Joe begins planning the vegetable garden right after the Christmas holidays. As always, he asked me if there was anything I wanted to add this year. I knew right away I wanted him to grow butternut squash. They were never planted before because the vines need considerable room to grow. Since the ever-expanding garden now includes an area near the orchard and the berry bushes, there would be some more room available. Last year he grew some loofah and bird house gourds in that area but since they were not going to be repeated, butternut squash got the okay.
Butternut is a variety of winter squash. The name is a bit of a misnomer however, since all winter squashes are frost tender (the plants will die with the first frost) warm season (seeds must be planted when the soil temperature is above 65°) annuals (plants that complete their life cycle in one growing season). With a growing season of 110-120 days for full maturation, they are harvested in the fall and can be kept well through the cold winter months, hence the name. Summer squash like zucchini and yellow crookneck are harvested all summer long while the fruit is still immature and the skin is still tender. Not counting the ones that “get away” and could fill in for baseball bats. And yes, botanically speaking, both winter and summer squash are fruit since they develop from a flower and are the part of the plant that contains the seeds. Winter squash should only be harvested when fully mature. When winter squash is mature, the stem end will turn from green to brown and will appear that the stem is beginning to dry out. The skin should look dull, not shiny and it should be difficult to dent the squash skin with your fingernail. Winter squash do not require refrigeration but should be stored in a cool dark area.
Last weekend the harvest was finally ready and Joe brought them in by the wheelbarrows full, 60 in all. Some of the squash were slightly damaged and they will be the ones I use first. Some I will give away to friends and the rest we are storing on shelves in our basement.
Low in fat and rich in vitamins A, C, fiber and antioxidants, butternut squash is a great addition to many recipes. I like to roast cubes of butternut squash to add to my fall salads.The butternut squash seeds can be tossed with olive oil and salt and roasted for a crunchy snack or a salad topper.
The creamy texture of butternut squash makes a wonderful soup and I have recipes for two on the blog from years past, butternut squash soup with cider cream and butternut squash soup with Asian pear and ginger, both unique and delicious.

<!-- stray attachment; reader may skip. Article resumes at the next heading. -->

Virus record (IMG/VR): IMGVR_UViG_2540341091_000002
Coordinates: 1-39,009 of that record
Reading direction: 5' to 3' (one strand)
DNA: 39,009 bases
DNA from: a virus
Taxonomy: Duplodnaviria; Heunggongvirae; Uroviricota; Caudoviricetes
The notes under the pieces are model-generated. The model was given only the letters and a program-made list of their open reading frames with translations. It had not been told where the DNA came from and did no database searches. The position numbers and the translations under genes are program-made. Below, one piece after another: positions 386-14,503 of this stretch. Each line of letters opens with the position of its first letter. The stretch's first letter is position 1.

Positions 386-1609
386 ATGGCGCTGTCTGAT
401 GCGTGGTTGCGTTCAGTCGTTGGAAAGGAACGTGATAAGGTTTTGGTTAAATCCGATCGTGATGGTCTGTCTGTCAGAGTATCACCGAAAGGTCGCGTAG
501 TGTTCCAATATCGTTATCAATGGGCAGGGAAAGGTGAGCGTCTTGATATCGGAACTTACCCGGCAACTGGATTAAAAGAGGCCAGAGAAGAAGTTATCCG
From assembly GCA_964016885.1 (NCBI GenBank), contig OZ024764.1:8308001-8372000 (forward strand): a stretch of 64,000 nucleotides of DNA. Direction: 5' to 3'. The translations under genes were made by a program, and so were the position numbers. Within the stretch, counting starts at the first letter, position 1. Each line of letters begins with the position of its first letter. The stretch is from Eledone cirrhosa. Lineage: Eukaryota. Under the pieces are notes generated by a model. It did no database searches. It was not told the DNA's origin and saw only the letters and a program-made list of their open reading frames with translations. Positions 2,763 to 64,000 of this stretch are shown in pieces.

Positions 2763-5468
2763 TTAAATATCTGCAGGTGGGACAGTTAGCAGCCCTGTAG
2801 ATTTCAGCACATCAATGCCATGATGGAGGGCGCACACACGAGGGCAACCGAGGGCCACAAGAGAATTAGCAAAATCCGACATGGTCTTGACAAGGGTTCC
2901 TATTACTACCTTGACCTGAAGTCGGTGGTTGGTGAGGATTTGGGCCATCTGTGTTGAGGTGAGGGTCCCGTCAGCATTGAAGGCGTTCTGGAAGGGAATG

Because of fall’s chilly temperatures, I wanted to make a more substantial main course soup. I liked the idea of roasting the vegetables on the baking sheet to bring out their natural sweetness. For easy clean up, I lined the baking sheet with parchment paper. The leek, pepper and squash should be cut into pieces all relatively the same size so they cook evenly. A medium dice works best here, about 1 to 1 ½ inches. Toss the vegetables with olive oil and spread out evenly on a baking sheet, don’t overcrowd. Arrange the chicken thighs on top of the vegetables and season everything with salt and pepper. I think chicken thighs are the best choice for this recipe, the skin keeps the meat moist during the roasting process. Rotate the pan halfway during the cooking process to ensure even cooking.
Transfer the chicken thighs to a plate to cool and add the roasted vegetables to a pot along with the chicken broth and spices. Simmer over medium heat and use a potato masher or the back of a wooden spoon to mash-up some of the vegetables to give the soup a thick, chunky texture. Shred the chicken into bite sized pieces, discarding the skin and bones. Add to the soup and stir in fresh lemon juice, salt and pepper to taste. When the soup is almost done stir in the kale ribbons and cook until they are wilted, an additional five minutes. Additional add ins for this soup could include cannellini beans and fire roasted diced tomatoes. The soup can be frozen or stored in the fridge for several days.
Roasted Chicken and Butternut Squash Soup
Serves four to six
- 6 bone-in skin-on chicken thighs
- 1 medium butternut squash, (2½ to 3 lbs) peeled, seeded and diced medium
- 1 medium leek, sliced medium
- 1 small red pepper, diced medium (I added a red poblano too for a little kick)
- 2 T extra virgin olive oil
- Kosher salt and freshly ground pepper
- 4 c low sodium chicken broth
- ¼ t ground cumin
- ¼ t ground coriander
- ¼ t smoked paprika
- 2-3 cups of thinly chopped kale (avoid thick stems)
- 2 T fresh lemon juice
- Fresh parsley or coriander (optional)
- Preheat oven to 425°F. In a large bowl toss the squash, red pepper and onion with the olive oil. Spread evenly on a large baking sheet. Arrange the chicken thighs on top, spacing out evenly. Season everything with salt and pepper.
- Roast until the squash and chicken are cooked through, rotating pan halfway through the cooking process.
- Transfer the chicken to a plate, loosely cover and let cool. Transfer squash and onions to a medium pot and broth, cumin, coriander and smoked paprika. Simmer over medium high heat.
- With a potato masher or the back of a wooden spoon, mash some of the vegetables until soup is thick and chunky.
- Discard the skin and bones from the chicken, cut meat into small pieces and add to the soup. Stir in lemon juice and season with salt and pepper.
- Stir in the thinly chopped kale and cook for five minutes more, until the kale is wilted. Taste and adjust seasonings, To serve, top with fresh parsley or cilantro.